A Bioinformatician's Guide to Metagenomics

Microbial Ecology Program, DOE Joint Genome Institute, 2800 Mitchell Drive, Walnut Creek, CA, USA.
Microbiology and molecular biology reviews: MMBR (Impact Factor: 14.61). 01/2009; 72(4):557-78, Table of Contents. DOI: 10.1128/MMBR.00009-08
Source: PubMed


As random shotgun metagenomic projects proliferate and become the dominant source of publicly available sequence data, procedures for the best practices in their execution and analysis become increasingly important. Based on our experience at the Joint Genome Institute, we describe the chain of decisions accompanying a metagenomic project from the viewpoint of the bioinformatic analysis step by step. We guide the reader through a standard workflow for a metagenomic project beginning with presequencing considerations such as community composition and sequence data type that will greatly influence downstream analyses. We proceed with recommendations for sampling and data generation including sample and metadata collection, community profiling, construction of shotgun libraries, and sequencing strategies. We then discuss the application of generic sequence processing steps (read preprocessing, assembly, and gene prediction and annotation) to metagenomic data sets in contrast to genome projects. Different types of data analyses particular to metagenomes are then presented, including binning, dominant population analysis, and gene-centric analysis. Finally, data management issues are presented and discussed. We hope that this review will assist bioinformaticians and biologists in making better-informed decisions on their journey during a metagenomic project.

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    • "However, due to the lack of whole genome information from the individual members of the community, details on the metabolic pathways and the relationships among members of the community are not well understood. In metagenomic analysis, grouping sequences from a particular genome from microbial community sequencing data is an important step referred to as binning (Kunin et al., 2008; Mande et al., 2012). The binning process can greatly reduce the complexity of metagenomics data by grouping similar sequences together followed by assembly and annotation to the individual genome bins. "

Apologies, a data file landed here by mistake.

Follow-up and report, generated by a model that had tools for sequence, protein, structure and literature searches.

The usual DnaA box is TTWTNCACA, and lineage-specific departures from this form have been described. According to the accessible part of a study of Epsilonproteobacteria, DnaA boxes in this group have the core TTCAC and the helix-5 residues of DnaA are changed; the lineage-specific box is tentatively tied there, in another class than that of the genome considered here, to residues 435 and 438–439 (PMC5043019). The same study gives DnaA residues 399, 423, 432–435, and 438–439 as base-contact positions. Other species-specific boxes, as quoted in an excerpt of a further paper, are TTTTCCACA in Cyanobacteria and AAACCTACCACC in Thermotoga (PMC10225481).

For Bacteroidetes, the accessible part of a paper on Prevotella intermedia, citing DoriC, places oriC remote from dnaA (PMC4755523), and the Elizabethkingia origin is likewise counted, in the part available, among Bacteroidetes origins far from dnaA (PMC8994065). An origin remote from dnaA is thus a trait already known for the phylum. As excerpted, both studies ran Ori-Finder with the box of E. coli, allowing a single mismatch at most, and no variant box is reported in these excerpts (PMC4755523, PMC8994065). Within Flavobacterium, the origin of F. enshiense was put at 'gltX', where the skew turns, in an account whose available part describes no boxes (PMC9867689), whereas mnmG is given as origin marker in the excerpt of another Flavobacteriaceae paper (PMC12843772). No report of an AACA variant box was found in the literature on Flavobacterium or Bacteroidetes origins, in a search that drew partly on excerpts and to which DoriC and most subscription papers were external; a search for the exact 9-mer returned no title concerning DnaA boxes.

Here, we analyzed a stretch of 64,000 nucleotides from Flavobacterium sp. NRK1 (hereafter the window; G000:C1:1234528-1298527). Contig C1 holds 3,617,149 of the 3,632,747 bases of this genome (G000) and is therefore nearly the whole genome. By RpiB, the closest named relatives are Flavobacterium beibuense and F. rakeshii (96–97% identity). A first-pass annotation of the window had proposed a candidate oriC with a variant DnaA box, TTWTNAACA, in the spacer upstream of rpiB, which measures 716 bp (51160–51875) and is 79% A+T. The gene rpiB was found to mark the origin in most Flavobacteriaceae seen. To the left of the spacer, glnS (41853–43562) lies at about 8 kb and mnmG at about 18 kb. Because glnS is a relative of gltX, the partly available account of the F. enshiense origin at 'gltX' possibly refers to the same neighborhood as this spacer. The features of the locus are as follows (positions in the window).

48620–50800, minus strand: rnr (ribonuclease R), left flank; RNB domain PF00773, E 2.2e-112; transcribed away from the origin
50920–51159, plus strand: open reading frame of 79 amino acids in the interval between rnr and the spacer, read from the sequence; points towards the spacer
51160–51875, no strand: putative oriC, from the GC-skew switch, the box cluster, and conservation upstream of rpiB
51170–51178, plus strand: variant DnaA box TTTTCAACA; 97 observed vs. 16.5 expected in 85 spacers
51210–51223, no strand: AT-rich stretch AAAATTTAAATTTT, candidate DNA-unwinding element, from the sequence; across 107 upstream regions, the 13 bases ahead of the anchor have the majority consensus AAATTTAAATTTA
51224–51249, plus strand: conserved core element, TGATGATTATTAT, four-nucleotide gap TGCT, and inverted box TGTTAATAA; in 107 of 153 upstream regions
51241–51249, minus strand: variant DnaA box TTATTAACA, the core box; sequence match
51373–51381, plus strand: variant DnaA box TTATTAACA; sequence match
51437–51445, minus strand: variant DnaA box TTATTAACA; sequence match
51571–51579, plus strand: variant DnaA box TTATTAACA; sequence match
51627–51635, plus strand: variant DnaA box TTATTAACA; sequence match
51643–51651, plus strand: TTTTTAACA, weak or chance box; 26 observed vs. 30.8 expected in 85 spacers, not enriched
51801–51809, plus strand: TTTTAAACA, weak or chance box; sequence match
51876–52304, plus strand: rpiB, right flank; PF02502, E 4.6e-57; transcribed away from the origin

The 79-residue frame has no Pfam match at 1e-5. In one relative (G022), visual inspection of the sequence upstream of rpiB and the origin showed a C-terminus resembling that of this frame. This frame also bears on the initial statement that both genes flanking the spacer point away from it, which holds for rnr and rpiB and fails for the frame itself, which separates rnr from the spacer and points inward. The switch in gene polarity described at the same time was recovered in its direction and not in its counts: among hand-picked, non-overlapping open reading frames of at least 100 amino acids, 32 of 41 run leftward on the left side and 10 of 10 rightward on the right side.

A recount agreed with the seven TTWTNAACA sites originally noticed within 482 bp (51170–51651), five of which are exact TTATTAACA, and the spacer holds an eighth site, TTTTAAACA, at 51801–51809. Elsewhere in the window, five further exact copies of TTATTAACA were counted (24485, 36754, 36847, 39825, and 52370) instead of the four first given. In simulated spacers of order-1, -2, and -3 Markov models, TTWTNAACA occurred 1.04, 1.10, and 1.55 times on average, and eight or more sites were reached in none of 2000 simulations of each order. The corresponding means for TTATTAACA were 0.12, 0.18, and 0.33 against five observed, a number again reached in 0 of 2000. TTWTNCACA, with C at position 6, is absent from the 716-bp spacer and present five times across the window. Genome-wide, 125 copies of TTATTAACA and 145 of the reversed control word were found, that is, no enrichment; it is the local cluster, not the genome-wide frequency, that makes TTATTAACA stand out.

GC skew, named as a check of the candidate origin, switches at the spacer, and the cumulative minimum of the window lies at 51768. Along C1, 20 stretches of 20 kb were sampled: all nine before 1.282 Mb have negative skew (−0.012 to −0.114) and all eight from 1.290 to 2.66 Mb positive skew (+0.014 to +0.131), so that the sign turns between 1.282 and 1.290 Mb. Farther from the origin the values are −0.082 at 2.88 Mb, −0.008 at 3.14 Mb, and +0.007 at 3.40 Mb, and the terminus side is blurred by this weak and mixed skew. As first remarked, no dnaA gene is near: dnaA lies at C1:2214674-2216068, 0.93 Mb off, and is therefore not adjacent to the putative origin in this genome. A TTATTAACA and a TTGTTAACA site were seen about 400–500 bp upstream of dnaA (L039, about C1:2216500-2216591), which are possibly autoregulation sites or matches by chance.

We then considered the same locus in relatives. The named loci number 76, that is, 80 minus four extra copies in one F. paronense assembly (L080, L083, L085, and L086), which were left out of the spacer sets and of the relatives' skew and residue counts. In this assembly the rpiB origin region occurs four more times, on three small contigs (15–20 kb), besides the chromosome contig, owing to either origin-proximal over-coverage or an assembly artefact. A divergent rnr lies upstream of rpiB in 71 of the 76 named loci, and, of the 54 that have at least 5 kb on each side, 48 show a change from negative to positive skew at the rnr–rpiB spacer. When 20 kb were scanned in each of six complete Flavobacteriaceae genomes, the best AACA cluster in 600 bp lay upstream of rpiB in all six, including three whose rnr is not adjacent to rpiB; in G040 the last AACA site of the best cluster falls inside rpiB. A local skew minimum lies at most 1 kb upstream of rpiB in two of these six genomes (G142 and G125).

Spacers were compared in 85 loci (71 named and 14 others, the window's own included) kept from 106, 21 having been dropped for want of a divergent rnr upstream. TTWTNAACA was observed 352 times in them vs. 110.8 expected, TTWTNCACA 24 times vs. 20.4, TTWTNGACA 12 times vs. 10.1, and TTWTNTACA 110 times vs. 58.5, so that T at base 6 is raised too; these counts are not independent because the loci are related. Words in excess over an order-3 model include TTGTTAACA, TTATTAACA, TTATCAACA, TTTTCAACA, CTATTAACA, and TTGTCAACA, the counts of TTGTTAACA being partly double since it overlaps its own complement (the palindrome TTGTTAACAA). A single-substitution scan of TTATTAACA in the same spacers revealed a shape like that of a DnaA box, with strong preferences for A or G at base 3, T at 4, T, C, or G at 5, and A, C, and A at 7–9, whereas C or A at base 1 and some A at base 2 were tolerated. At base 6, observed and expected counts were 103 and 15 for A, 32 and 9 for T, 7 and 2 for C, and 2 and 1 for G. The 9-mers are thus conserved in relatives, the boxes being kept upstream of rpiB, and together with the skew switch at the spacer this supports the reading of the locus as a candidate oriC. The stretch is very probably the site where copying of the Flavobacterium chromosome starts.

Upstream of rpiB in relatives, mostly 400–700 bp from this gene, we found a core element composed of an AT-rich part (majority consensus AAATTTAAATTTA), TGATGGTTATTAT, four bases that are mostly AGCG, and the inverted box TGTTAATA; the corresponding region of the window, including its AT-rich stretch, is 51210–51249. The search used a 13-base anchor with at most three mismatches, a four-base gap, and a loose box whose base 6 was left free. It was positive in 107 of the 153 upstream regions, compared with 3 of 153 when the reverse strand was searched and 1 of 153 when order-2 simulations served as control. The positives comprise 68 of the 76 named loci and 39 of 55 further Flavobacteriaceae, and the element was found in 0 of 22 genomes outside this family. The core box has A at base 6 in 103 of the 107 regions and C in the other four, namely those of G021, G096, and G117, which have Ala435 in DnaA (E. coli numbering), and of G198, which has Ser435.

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    ABSTRACT: Microcystis bloom, a cyanobacterial mass occurrence often found in eutrophicated water bodies, is one of the most serious threats to freshwater ecosystems worldwide. In nature, Microcystis forms aggregates or colonies that contain heterotrophic bacteria. The Microcystis-bacteria colonies were persistent even when they were maintained in lab culture for a long period. The relationship between Microcystis and the associated bacteria was investigated by a metagenomic approach in this study. We developed a visualization-guided method of binning for genome assembly after total colony DNA sequencing. We found that the method was effective in grouping sequences and it did not require reference genome sequence. Individual genomes of the colony bacteria were obtained and they provided valuable insights into microbial community structures. Analysis of metabolic pathways based on these genomes revealed that while all heterotrophic bacteria were dependent upon Microcystis for carbon and energy, Vitamin B12 biosynthesis, which is required for growth by Microcystis, was accomplished in a cooperative fashion among the bacteria. Our analysis also suggests that individual bacteria in the colony community contributed a complete pathway for degradation of benzoate, which is inhibitory to the cyanobacterial growth, and its ecological implication for Microcystis bloom is discussed.
    Preview · Article · Feb 2016 · Frontiers in Microbiology